Anyway, feel free to criticize anything I’ve said above. Now, with the text of St. Gregory’s Oration:


“Be it so, some will say, in the case of those who ask for Baptism; what have you to say about those who are still children, and conscious neither of the loss nor of the grace? Are we to baptize them too? Certainly, if any danger presses. For it is better that they should be unconsciously sanctified than that they should depart unsealed and uninitiated… But in respect of others I give my advice to wait till the end of the third year, or a little more or less, when they may be able to listen and to answer something about the Sacrament; that, even though they do not perfectly understand it, yet at any rate they may know the outlines; and then to sanctify them in soul and body with the great sacrament of our consecration. For this is how the matter stands; at that time they begin to be responsible for their lives, when reason is matured, and they learn the mystery of life (for of sins of ignorance owing to their tender years they have no account to give), and it is far more profitable on all accounts to be fortified by the Font, because of the sudden assaults of danger that befall us, stronger than our helpers.” (Oration 40.28)

St. Augustine – Are the Glorified Saints extra Mediators beside Christ?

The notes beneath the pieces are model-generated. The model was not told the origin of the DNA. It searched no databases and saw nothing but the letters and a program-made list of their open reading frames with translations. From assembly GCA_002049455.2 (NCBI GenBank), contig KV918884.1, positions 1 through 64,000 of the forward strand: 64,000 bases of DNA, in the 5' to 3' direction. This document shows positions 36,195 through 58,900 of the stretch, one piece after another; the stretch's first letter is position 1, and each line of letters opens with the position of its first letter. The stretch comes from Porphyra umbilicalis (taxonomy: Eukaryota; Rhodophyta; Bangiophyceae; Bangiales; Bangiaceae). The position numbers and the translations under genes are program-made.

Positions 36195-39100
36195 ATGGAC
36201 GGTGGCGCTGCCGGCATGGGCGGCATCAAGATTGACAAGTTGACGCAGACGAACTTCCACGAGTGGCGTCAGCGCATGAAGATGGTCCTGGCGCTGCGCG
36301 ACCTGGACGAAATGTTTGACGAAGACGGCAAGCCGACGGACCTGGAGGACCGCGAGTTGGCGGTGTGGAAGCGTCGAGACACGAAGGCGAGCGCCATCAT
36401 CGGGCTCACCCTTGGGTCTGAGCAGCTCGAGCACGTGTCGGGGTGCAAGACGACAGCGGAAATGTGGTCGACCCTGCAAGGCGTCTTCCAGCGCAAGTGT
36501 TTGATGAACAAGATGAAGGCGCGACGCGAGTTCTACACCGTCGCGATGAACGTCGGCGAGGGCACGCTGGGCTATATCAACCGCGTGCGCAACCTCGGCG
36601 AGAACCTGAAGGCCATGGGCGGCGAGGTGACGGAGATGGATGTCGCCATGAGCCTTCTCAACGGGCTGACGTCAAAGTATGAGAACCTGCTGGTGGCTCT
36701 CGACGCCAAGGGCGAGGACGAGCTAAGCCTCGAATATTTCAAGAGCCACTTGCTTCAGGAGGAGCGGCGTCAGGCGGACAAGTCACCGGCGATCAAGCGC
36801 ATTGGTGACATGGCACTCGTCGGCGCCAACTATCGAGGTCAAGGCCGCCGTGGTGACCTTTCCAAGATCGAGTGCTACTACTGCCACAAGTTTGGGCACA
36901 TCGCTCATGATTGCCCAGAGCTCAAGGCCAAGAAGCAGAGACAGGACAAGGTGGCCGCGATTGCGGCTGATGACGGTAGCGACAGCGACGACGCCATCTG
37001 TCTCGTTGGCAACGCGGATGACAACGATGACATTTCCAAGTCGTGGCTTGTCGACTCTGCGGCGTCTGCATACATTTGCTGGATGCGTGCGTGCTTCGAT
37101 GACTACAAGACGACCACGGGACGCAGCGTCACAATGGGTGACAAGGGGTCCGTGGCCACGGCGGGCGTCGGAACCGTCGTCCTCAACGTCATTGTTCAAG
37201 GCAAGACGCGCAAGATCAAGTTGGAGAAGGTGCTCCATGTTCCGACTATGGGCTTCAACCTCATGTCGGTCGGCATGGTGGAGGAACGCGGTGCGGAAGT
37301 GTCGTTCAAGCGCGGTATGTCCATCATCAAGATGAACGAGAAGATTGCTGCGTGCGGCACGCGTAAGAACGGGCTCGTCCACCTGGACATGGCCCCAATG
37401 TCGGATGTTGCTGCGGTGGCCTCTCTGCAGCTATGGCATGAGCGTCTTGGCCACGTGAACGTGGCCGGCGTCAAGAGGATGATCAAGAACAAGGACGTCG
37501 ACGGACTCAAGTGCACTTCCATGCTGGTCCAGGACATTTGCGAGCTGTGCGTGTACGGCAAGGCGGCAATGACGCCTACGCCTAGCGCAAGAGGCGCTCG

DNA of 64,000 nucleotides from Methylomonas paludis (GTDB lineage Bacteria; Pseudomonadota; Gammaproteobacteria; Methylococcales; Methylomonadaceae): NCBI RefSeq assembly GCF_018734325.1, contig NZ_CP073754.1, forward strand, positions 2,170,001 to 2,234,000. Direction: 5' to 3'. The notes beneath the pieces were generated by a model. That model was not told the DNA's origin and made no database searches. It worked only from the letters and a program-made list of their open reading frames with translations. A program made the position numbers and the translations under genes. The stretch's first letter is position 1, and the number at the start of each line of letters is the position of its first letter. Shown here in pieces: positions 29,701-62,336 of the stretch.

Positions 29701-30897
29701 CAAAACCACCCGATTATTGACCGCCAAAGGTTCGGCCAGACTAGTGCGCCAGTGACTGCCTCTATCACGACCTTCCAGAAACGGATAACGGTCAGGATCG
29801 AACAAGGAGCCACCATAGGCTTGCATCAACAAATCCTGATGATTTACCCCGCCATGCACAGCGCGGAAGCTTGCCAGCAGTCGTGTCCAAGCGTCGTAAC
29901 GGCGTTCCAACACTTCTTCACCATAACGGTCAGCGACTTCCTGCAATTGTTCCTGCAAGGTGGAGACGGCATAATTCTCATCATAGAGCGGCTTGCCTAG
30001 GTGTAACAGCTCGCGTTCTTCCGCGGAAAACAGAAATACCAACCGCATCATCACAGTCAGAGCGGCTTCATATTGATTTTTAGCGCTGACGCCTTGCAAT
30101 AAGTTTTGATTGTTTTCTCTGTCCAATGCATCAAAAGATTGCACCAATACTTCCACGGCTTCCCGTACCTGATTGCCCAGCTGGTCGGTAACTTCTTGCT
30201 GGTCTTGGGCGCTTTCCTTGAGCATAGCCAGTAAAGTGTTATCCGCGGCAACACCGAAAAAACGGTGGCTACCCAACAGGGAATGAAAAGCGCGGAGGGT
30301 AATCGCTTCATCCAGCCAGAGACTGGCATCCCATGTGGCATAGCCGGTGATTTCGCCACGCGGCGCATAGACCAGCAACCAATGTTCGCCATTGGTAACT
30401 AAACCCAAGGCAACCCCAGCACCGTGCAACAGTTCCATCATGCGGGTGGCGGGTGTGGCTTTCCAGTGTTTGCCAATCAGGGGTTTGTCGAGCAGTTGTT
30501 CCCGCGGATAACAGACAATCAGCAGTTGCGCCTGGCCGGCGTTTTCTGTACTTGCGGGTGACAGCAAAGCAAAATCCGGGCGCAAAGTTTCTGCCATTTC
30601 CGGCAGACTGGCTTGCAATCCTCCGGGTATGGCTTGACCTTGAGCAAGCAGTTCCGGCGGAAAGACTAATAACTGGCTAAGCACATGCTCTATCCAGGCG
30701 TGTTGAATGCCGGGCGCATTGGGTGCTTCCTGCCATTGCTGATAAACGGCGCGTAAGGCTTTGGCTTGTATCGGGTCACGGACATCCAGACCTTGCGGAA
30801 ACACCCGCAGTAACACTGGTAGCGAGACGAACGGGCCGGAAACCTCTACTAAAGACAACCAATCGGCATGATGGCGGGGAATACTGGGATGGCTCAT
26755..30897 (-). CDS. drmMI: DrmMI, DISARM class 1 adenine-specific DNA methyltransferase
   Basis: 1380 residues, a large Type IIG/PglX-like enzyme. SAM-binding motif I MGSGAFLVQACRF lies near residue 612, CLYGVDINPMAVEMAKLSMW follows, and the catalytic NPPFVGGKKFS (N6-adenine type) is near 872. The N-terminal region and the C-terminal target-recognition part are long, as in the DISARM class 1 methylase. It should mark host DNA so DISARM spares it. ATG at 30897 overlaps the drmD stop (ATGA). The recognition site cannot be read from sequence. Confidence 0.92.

Some of our Protestant friends have a difficult time removing the concept of “mediation” between humanity and God from a zero-sum construct. In other words, either Christ and Christ alone successfully mediates for man, in which case not a crumb can be added to it, or there is no mediation whatsoever. When Protestants hear Catholics try to explain the unique mediation of Christ and the secondary mediation of the Saints “in and through Christ,” what they hear is often a person who they think is straining to avoid the obvious error of innumerable mediators between God and man. It is alright, I’ve been there, and I understand where Protestants are coming from when they feel this way. Well, I’m not here to necessarily stop that today. But, perhaps hearing that strain from St. Augustine might at least serve the day with a change of speaker. You’ll notice below that just like Christ can be said to be the *only* Shepherd, this does not preclude the fact that we have Shepherds in the Apostles, Prophets, and various pastors. However, this doesn’t amount to multiple shepherdships, but simply instantiations of one single Shepherdship “in Christ”. In the same way, we really only have one Advocate, but all Christians who suffer or give sacrifice for another in the body of Christ are also advocates because they offer their merits in the matrix of Christ’s redeeming body, and so they can be legitimate called advocates and mediators, but not amounting to multiple mediator-ships, but rather instances of one mediator-ship “in Christ”. Mental gymnastics? Well, if St. Augustine is working out in that gymnasiusm, then count me in forever 😀